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Karowe, a state-of-the-art diamond mine in Botswana owned by Canada-headquartered Lucara Diamonds with a proven knack of yielding oversize stones, has done it again. According to the company, a 1,758-carat diamond has recently been discovered at the mine, taking the title of the world’s second largest stone away from the 1,109-carat Lesedi La Rona, which was discovered at the same site in 2015.

According to a statement released by Lucara, the recently mined stone weighs almost 352 grams, and measures 83 millimeters by 62 millimeters by 46 millimeters. But unlike the high-quality Lesedi La Rona, the stone is described as a diamond as “near gem of variable quality, including domains of high-quality white gem.”

The massive stone, which is said to be the size of a tennis ball, does still not measure up to the rough diamond that has held the world record for more than a century. That is the 3,016.75-carat Cullinan Diamond, which was discovered in South Africa in 1905.


The open-pit Karowe, which means precious stone in the local Twana language, was commissioned during the second quarter of 2012. It has thus far produced 2.4 million carats. About 180 of them have sold for more than $1 million and 10 have sold for $10 million and more.

Lucara attributes some of its success at Karowe to its use of X-Ray Transmission (XRT) sorting technology, which allows diamonds to be recognized and separated based on their specific atomic density, regardless of how thick they are. 

The system played a key role at Karowe in the discovery of the Lesedi La Rona and, earlier, the uncovering of the 813-carat Constellation Diamond. Just last year, the technology helped the mine locate a 472-carat stone and a 327-carat diamond.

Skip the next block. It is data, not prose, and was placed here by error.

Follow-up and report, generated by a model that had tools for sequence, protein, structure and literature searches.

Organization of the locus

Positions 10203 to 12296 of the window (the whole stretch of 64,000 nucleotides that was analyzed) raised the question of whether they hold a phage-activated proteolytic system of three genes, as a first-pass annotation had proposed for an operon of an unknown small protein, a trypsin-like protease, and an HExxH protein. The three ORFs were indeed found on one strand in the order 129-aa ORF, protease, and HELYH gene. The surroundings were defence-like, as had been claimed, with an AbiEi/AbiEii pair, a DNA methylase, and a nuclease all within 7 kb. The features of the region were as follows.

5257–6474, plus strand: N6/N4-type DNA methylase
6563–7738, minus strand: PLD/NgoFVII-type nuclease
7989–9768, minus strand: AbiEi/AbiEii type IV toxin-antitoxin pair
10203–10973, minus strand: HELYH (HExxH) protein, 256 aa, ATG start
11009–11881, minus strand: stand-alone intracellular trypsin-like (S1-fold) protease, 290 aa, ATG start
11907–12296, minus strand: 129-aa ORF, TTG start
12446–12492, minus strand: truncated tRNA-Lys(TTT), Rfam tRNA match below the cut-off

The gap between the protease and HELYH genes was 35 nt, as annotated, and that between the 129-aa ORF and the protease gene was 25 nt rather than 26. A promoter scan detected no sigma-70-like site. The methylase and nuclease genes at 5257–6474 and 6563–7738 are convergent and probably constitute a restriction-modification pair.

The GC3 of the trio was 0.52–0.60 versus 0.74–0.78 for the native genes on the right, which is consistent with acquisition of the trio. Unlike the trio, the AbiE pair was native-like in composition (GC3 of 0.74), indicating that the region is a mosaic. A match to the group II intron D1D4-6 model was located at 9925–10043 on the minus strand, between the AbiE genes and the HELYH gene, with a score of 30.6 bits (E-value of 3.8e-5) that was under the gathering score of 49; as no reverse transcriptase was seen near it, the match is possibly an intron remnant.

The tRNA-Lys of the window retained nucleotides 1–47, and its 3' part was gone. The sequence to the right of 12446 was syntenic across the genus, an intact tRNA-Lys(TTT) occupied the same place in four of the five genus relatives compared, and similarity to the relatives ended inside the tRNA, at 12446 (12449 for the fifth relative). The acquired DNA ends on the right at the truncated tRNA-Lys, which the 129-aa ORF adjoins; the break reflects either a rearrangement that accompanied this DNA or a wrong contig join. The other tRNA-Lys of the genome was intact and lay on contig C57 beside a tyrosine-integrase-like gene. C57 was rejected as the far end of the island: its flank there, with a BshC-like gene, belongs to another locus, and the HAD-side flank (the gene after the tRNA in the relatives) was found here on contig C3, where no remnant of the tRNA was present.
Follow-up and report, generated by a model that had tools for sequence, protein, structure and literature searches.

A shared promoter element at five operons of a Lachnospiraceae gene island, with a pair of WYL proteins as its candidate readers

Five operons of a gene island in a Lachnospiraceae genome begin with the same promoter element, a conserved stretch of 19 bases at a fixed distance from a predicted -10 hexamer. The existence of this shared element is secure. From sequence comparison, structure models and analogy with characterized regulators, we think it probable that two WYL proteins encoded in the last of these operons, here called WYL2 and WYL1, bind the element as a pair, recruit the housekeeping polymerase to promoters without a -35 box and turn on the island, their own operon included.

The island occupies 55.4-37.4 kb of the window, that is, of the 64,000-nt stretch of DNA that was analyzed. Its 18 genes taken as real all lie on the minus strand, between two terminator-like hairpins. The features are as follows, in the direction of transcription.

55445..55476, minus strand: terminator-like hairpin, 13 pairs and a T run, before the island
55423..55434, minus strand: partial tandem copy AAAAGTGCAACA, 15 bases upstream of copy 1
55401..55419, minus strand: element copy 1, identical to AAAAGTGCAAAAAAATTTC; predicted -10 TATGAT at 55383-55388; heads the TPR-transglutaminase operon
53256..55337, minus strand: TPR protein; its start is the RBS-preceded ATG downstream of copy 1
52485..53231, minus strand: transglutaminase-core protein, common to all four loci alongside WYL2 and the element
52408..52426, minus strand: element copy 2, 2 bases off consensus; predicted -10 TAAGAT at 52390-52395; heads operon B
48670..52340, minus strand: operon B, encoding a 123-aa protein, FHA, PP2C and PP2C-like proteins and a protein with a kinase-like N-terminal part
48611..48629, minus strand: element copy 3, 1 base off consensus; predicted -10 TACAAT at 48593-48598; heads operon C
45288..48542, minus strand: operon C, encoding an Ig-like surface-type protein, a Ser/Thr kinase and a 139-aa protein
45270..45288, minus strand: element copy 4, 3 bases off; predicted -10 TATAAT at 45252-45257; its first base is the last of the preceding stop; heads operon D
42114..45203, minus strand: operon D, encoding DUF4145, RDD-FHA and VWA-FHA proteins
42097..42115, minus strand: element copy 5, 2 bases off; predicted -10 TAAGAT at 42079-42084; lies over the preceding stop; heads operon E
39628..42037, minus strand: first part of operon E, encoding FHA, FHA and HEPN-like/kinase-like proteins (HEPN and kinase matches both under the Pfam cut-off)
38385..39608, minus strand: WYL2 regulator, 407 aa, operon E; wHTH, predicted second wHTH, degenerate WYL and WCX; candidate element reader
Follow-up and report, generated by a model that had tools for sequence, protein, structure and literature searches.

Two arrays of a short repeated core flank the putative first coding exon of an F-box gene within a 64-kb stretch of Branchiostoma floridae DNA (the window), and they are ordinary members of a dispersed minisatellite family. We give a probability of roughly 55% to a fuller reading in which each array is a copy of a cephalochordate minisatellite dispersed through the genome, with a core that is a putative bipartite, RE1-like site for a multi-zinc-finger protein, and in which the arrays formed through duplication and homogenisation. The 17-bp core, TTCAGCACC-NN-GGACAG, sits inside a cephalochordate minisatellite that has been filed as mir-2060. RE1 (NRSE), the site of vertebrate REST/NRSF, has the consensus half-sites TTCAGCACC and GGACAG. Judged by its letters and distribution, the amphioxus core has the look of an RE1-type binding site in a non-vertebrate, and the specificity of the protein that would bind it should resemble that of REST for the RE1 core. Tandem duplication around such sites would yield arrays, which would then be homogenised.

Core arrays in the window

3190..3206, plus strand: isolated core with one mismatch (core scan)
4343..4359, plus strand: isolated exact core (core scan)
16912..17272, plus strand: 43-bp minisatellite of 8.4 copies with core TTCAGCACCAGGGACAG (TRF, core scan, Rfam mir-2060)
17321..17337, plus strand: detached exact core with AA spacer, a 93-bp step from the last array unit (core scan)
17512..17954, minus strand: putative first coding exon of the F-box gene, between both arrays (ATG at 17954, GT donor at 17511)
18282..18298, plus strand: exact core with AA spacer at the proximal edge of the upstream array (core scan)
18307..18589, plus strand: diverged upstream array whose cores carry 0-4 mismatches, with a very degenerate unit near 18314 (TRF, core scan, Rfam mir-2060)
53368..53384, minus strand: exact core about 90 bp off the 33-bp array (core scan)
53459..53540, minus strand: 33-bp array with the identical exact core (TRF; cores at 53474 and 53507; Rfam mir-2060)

The 1,758-carat rough diamond discovered at Karowe, now considered to be the world’s second largest stone ever mined entact.

The open-pit of Lucara’s Karowe mine in Botswana, site of the some the largest-ever rough diamonds discovered. 

“Lucara’s technologically advanced, XRT diamond recovery circuit has once again delivered historic results,” said Eira Thomas, Lucara’s CEO. “Karowe has now produced two diamonds greater than 1,000 carats in just four years, affirming the coarse nature of the resource and the likelihood of recovering additional, large, high quality diamonds in the future, particularly as we mine deeper in the orebody.”


Karowe is not the only mine producing exceptionally large diamonds. Earlier in April, Firestone Diamonds announced it has recovered a “monster of a diamond” at the Liqhobong Mine in Lesotho. In a statement released by the company, it said it had recovered a 72-carat yellow diamond, together with a 22-carat makeable white stone and an 11-carat fancy light-pink stone. The diamonds are scheduled to be tendered in May 2019.

Earlier this month, the Russian diamond-mining company Alrosa said it had discovered a yellow rough diamond weighing 118.91 carats at a deposit in the northeastern region of Yakutia. A similar 109.61-carat yellow diamond was extracted at the site in the summer of 2017.

Ultimately, however, the question how rough a diamond, or the collective value of the host of diamonds extracted from the massive rough stone will be the most important factor, and from the outside the evidence is not particularly promising. 

The 1,109-carat Lesedi La Rona is another story. It was discovered in November 2015, and sold in 2017 for $53 million to the British jeweler and diamond dealer Lawrence Graff. It has yielded 67 polished diamonds, including the 302.37-carat Graff Lesedi La Rona, which has been described the largest square emerald-cut diamond in the world, a 11.12-carat D-flawless oval-cut stone and a 6.06-carat D flawless cushion cut gem.